When to wear a mask? The $200 question

PoliceActing NSW Police Commissioner Malcolm Lanyon at the Press Conference.

From today $200 fines may apply for people overtly breaking the COVID-19 health orders relating to masks.

Police say they will be working with the community to help the community understand their compliance obligations.

These rules do apply on the Central Coast, that has been included in the Greater Sydney area (including Wollongong and Blue Mountains).

Face masks are now mandatory in the following indoor settings:

  • shopping (retail, supermarkets and shopping centres)
  • on public/shared transport and waiting areas for public/shared transport
  • indoor entertainment (including cinemas and theatres)
  • places of worship
  • hair and beauty premises
  • visiting an aged care facility.

Face masks will also be mandatory for all staff in hospitality venues, gaming areas in licensed premises (including casinos) and for patrons using gaming services.

Compliance & policing

Policing of the new rules will start from Monday 4 January 2021 with $200 on the spot fines for individuals for non-compliance.

Acting NSW Police Commissioner Malcolm Lanyon said at a press conference on Sunday Jan 3 “in the initial aspect of this health order we will be focusing on compliance. NSW Police will work very closely with the community to help them understand the nature of the health orders…”

Compliant masks

According to NSW Health authorities single-use and reusable cloth masks both help to prevent the spread of COVID-19, if used correctly.

Official advice is to buy single-use masks from reputable retail outlets including chemists, supermarkets and other shops.

Cloth masks are effective in reducing transmission of COVID-19 to other people when they are made and worn correctly.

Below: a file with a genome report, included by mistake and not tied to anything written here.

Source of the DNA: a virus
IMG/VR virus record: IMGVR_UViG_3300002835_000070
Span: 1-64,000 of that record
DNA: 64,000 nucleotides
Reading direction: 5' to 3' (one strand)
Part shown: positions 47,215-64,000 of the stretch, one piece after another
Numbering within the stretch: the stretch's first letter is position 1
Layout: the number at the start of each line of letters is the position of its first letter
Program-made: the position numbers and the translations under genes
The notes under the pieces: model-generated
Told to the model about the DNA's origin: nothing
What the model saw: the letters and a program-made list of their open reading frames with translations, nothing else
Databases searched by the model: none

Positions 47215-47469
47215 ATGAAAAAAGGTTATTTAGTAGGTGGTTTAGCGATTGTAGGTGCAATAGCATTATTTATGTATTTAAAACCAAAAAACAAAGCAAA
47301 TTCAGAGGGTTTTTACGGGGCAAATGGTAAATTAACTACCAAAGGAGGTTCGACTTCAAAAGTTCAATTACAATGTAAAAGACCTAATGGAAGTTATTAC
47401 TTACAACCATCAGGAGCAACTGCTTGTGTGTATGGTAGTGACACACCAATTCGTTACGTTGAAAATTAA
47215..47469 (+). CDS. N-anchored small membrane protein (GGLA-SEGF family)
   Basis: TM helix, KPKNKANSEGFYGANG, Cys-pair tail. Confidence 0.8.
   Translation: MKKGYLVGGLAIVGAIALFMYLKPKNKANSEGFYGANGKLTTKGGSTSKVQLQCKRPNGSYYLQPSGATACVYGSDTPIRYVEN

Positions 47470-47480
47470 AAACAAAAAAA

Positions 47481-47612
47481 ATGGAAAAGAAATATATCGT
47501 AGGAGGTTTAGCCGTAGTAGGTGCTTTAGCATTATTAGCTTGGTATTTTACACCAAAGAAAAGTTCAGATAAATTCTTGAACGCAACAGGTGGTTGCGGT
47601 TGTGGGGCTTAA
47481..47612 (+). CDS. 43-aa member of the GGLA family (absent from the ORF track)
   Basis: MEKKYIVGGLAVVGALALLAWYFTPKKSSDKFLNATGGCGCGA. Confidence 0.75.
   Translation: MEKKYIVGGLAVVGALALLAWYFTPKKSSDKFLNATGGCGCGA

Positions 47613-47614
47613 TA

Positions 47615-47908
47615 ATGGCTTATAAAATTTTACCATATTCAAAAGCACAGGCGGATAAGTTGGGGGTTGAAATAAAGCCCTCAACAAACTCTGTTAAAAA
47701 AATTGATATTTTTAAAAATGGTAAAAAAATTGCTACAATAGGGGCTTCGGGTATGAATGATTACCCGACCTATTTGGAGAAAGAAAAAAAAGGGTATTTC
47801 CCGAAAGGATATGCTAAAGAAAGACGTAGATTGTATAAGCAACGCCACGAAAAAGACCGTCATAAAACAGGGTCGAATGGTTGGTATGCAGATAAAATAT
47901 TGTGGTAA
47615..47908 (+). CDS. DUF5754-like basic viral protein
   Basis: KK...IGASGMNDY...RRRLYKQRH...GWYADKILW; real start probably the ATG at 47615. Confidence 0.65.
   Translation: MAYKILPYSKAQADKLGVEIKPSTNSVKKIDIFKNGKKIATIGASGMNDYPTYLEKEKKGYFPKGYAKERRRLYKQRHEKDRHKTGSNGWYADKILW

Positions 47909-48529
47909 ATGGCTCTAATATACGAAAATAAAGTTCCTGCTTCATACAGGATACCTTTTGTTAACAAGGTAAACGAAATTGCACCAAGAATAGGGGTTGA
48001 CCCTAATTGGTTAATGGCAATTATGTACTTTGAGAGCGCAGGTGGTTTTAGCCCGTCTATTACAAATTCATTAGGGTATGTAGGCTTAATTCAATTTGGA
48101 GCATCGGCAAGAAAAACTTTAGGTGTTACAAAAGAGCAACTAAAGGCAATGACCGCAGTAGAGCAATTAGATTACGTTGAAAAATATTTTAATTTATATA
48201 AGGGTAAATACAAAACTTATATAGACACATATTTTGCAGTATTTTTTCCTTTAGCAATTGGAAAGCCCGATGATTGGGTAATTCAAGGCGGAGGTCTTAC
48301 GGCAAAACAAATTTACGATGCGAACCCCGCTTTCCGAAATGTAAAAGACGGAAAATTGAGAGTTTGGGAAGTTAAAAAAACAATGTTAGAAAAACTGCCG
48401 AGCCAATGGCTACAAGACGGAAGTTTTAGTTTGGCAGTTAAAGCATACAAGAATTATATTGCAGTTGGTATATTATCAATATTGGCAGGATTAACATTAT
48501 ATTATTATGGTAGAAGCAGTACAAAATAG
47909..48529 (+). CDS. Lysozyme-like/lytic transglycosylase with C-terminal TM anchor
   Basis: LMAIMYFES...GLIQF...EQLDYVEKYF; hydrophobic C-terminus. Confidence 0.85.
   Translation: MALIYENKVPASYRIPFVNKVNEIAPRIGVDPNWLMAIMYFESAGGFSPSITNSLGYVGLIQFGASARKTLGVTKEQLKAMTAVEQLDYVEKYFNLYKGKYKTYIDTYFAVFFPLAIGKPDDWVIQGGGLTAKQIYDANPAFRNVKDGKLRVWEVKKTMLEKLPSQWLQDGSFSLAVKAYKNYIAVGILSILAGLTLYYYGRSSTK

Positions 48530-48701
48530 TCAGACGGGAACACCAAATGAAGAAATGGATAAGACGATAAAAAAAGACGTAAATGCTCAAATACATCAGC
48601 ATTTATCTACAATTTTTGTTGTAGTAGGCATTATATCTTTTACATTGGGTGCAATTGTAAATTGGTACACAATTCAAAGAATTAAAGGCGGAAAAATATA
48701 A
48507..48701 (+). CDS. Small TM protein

A full guide to mask types can be found at the official NSW Health web site.


NSW Health lists a series of exemptions from the mask wearing rules, they include;

  • have a physical or mental health illness or condition, or disability, that makes wearing a mask unsuitable (for example, a skin condition, an intellectual disability, autism or trauma).
  • Children under 12 are exempt but are encouraged to wear masks where practicable.

You may remove your mask when you are;

  • eating or drinking
  • communicating with another person who is deaf or hard of hearing
  • at work and the nature of your work 
    • makes wearing a face mask a risk to your or another person’s health and safety
    • means clear enunciation or visibility of your mouth is essential
  • asked to remove your mask for identity purposes.

You may also remove your mask for the proper provision of goods or services, for example, if you are having a facial or beard trim. 

Why are we being asked to wear masks?

According the NSW Health, wearing a mask helps to reduce community transmission. One way COVID-19 is spread is when an infected person coughs, sneezes or speaks near another person.

The person infected with COVID-19 can be:

  • asymptomatic (doesn’t show symptoms at all)
  • pre symptomatic (not yet showing symptoms)
  • minimally symptomatic (showing mild symptoms).

If a person is infected with COVID-19, a face mask helps to stop them spreading COVID-19 when they cough, sneeze or speak.

The main value of wearing a mask is to protect other people. If used correctly, masks may prevent sick people from infecting others.

Even if you are wearing a mask, stay 1.5 metres away from others, if possible.

Information source: Press Conference NSW Police Jan 3, 2020. NSW Health website updates, Jan 3, 2020.